Our Gemara on Amud Beis states the famous halakhic principle that one cannot make another person’s possession forbidden. For example, if I declare an object of my friend’s to be my god and object of worship and bow to it, it does not become a forbidden object that must be destroyed, unlike if the owner had done that. A person has no authority over another person’s possessions.

Tosafos (“Ein”) raises a question about the applicability of this principle. He says, if so, why can one make someone else’s food treif by mixing in Unkosher substances? Tosafos’ answer is to make a distinction between an action and a thought. When the activation of the prohibition is dependent on action alone, then even someone else can activate the prohibition. The prohibition is not based on anything internal and thus the criteria is simply the deed and not dependent on who owns it. You might say, the milk was factually spilled into the meat, and there is no point in crying over it. This is in distinction to Kilayim, mixing growths in a vineyard (Mishna Kilayim 5:6), which depends on intention to have them both grow. The fact that they are growing alone is not enough. Therefore, someone else cannot ruin your vineyard by planting wheat in it, unless you also desire it.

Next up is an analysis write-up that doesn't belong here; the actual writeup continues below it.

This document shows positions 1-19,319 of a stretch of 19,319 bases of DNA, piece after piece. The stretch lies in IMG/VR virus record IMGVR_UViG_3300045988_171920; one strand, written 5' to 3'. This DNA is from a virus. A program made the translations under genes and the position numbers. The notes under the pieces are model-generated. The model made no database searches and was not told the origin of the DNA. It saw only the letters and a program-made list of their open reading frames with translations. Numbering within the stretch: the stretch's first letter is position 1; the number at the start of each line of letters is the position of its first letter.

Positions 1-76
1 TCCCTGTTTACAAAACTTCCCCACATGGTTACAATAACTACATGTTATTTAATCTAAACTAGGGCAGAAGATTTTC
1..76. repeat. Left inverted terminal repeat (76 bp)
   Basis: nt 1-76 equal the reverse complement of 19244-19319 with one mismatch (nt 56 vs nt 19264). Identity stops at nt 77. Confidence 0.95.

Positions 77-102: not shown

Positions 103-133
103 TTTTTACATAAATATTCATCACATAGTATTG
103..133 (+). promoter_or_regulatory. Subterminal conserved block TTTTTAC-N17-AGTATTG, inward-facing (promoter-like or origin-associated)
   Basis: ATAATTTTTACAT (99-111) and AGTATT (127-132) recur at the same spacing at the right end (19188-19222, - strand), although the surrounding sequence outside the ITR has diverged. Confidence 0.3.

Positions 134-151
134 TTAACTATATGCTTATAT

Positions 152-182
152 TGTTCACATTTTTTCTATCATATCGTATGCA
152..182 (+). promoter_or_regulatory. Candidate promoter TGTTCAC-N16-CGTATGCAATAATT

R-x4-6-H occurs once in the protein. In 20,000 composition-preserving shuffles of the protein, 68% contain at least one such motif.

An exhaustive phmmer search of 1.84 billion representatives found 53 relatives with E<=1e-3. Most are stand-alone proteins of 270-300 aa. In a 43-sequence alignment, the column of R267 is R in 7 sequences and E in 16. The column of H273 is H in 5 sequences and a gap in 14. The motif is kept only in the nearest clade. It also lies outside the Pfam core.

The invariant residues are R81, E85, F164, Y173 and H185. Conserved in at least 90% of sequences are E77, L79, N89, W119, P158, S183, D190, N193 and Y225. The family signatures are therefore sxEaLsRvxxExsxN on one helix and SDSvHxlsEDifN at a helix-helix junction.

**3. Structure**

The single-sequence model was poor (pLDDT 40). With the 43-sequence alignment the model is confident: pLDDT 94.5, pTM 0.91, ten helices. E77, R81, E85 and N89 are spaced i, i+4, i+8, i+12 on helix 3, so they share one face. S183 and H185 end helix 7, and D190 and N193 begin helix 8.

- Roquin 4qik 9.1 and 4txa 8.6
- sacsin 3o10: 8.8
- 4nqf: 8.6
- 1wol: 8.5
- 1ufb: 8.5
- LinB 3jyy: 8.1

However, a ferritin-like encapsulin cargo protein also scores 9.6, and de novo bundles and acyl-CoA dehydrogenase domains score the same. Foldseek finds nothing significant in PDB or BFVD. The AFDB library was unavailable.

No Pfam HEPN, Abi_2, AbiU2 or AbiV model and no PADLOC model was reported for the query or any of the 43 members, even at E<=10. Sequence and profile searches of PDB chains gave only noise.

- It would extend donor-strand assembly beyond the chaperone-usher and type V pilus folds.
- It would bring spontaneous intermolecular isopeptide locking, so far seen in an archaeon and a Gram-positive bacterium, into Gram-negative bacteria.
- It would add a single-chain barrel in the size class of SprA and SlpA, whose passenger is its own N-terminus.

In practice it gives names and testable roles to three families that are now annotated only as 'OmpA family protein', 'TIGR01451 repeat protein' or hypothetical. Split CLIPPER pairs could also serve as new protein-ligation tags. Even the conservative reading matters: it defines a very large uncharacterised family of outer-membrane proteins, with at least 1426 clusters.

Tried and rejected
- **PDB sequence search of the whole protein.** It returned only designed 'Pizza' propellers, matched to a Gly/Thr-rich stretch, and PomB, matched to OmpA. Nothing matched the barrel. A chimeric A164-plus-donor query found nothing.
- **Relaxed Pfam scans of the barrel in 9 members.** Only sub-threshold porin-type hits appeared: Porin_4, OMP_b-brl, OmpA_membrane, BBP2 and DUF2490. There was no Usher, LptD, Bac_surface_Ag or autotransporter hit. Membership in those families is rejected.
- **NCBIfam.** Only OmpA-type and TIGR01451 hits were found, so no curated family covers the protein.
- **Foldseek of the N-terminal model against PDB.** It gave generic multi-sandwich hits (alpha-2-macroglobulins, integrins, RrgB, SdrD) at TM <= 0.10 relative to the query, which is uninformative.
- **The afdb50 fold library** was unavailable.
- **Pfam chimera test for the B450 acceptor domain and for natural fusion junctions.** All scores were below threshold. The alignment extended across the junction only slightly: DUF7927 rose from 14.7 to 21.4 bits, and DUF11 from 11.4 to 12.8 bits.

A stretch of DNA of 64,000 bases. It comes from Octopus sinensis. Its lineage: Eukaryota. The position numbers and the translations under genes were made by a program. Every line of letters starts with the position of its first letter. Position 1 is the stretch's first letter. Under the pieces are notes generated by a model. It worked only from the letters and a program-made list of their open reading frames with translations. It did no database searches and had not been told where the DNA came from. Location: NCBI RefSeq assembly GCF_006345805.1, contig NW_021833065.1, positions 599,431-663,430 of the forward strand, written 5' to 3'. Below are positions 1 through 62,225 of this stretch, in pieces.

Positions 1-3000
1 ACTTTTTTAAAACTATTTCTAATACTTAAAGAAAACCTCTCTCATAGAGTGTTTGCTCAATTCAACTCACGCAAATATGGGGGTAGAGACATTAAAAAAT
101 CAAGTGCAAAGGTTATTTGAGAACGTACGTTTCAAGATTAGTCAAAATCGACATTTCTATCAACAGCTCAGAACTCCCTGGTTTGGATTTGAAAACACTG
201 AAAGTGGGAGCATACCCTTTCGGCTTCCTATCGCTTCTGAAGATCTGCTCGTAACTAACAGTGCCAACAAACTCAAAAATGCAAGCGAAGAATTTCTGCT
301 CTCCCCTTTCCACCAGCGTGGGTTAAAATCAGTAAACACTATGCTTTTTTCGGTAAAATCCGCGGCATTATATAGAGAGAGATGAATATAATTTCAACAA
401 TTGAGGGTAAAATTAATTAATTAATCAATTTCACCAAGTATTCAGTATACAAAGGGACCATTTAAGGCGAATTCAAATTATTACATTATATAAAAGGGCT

It is an interesting distinction between the forbidden plantings and forbidden foods. In regard to food, it is the actual presence of the substance that activates the prohibition while in the case of forbidden planting mixtures the presence of two different ingredients is not the problem unless there is intent. This leads us to conclude there is something conceptually different about non-kosher foods and forbidden mixing of species. It seems non kosher foods have an intrinsic noxious and damaging quality. Indeed there is this concept called timtum Halev, a spiritual obstruction in the heart (see for example, Shulkhan Arukh YD 81:17 and Shach (YD 81:26) that comes from non kosher food. While it may have spiritual effects, it seems to be rooted in a physical catalyst. Much as wine, which is a chemical, certainly affects our spiritual and emotional states, which are not entirely physical. However, forbidden mixtures of plantings are not intrinsically problematic, rather the intentional act of mixing and subverting the original biological blueprints and patterns is the problem. This is also why mixed produce is not forbidden for consumption if done by others without your assent (see Shulkhan Arukh YD 296:4-5). It is not fact dependent but intention dependent.

This offers a fascinating window into the reasons for the commandments. We see from here that some prohibitions have to do with a state of mind and sensitivity or regard for sanctity, while others may be based on actual physical toxicities that the Torah wants us to avoid.



Translations Courtesy of Sefaria, (except when, sometimes, I disagree with the translation cool.)